The patient was asymptomatic during the interappointment period. After 3 weeks, tooth 45 was reopened, the intracanal medicament was removed, and the length of the master cone was checked with a radiograph [Figure 3]. All the three canals were finally obturated with 6% gutta-percha (Dentsply Maillefer) using AH Plus as a sealer, and the coronal access was sealed with Cavit [Figure 4].{Figure 3} {Figure 4}

 Discussion



Mandibular premolars have been reported with complex morphology, making them one of the most difficult teeth to manage endodontically. Therefore, the familiarity of both basic and possible variations in root canals is essential for successful non-surgical root canal treatment.[6]

In the pre-access analysis, prior to the access preparation, the operators need to evaluate the orientation and location of root canal orifices thoroughly based on both clinical and radiographic findings.

The root shape, root position, and relative root outline should be carefully determined from the radiograph. A high-quality pre-operative radiograph with straight and angled views provides insight into the existing root canals.[7]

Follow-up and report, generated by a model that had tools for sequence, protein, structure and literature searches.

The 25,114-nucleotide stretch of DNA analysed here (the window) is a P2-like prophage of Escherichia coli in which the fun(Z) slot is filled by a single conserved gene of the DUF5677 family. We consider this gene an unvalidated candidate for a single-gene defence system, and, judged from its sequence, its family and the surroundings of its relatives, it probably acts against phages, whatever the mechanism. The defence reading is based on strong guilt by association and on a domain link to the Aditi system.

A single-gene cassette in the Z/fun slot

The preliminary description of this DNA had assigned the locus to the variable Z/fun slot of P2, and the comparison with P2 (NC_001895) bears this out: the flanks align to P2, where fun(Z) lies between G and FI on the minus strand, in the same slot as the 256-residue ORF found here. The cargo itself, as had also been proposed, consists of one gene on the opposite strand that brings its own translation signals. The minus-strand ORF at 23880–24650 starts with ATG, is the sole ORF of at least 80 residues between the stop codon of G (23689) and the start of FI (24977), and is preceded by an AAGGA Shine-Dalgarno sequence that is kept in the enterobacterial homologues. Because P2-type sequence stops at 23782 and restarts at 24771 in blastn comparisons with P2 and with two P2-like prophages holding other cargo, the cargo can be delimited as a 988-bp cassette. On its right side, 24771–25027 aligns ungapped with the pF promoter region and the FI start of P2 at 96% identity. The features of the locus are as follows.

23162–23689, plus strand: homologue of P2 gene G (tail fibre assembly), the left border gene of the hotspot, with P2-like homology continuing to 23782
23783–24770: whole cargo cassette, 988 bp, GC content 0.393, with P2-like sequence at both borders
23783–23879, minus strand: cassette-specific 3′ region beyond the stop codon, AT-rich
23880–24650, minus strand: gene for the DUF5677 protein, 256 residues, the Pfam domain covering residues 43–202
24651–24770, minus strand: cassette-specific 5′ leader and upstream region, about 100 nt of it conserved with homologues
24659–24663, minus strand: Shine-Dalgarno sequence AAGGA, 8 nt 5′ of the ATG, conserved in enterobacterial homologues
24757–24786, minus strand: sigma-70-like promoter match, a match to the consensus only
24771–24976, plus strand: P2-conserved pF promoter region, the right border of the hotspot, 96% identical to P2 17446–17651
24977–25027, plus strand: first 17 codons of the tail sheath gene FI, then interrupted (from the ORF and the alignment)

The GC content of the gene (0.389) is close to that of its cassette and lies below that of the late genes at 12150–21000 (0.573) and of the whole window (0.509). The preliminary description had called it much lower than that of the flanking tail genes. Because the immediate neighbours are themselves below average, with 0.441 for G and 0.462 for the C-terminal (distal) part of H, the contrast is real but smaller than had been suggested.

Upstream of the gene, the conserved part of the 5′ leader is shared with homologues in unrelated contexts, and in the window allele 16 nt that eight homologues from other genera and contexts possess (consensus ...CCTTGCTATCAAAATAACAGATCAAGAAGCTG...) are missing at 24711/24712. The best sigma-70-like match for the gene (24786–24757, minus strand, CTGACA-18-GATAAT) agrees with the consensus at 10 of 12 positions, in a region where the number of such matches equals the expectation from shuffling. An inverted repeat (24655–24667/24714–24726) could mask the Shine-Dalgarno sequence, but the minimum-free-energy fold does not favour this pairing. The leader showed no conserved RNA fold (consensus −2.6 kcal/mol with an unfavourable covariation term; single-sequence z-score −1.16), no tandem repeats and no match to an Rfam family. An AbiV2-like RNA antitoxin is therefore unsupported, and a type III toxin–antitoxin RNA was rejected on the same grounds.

Generally, in mandibular premolars with three canals, the cervical half of the root is wider than usual, with little or no taper. Root canals may not be evident in radiographs and may look unusual. A sudden change in radiographic density and sudden narrowing of the root canal space usually indicate an additional canal. Therefore, careful interpretation of the periodontal ligament space and angled views may suggest the presence of an extra root or canal. In the presented cases, unusual root shape was observed in pre-treatment radiographs, which recommended the possibility of extra roots and canals.[6]

Detecting orifices, especially of the third canal, is a great challenge for the dentists. Many practitioners recommended using Gates-Glidden drills to pre-flare the canal. Access preparation was modified with pre-flaring of coronal portion for thorough visualization of the root canal as well as ease of placement of initial apical file and shaping and cleaning of the apical third of the root canal system.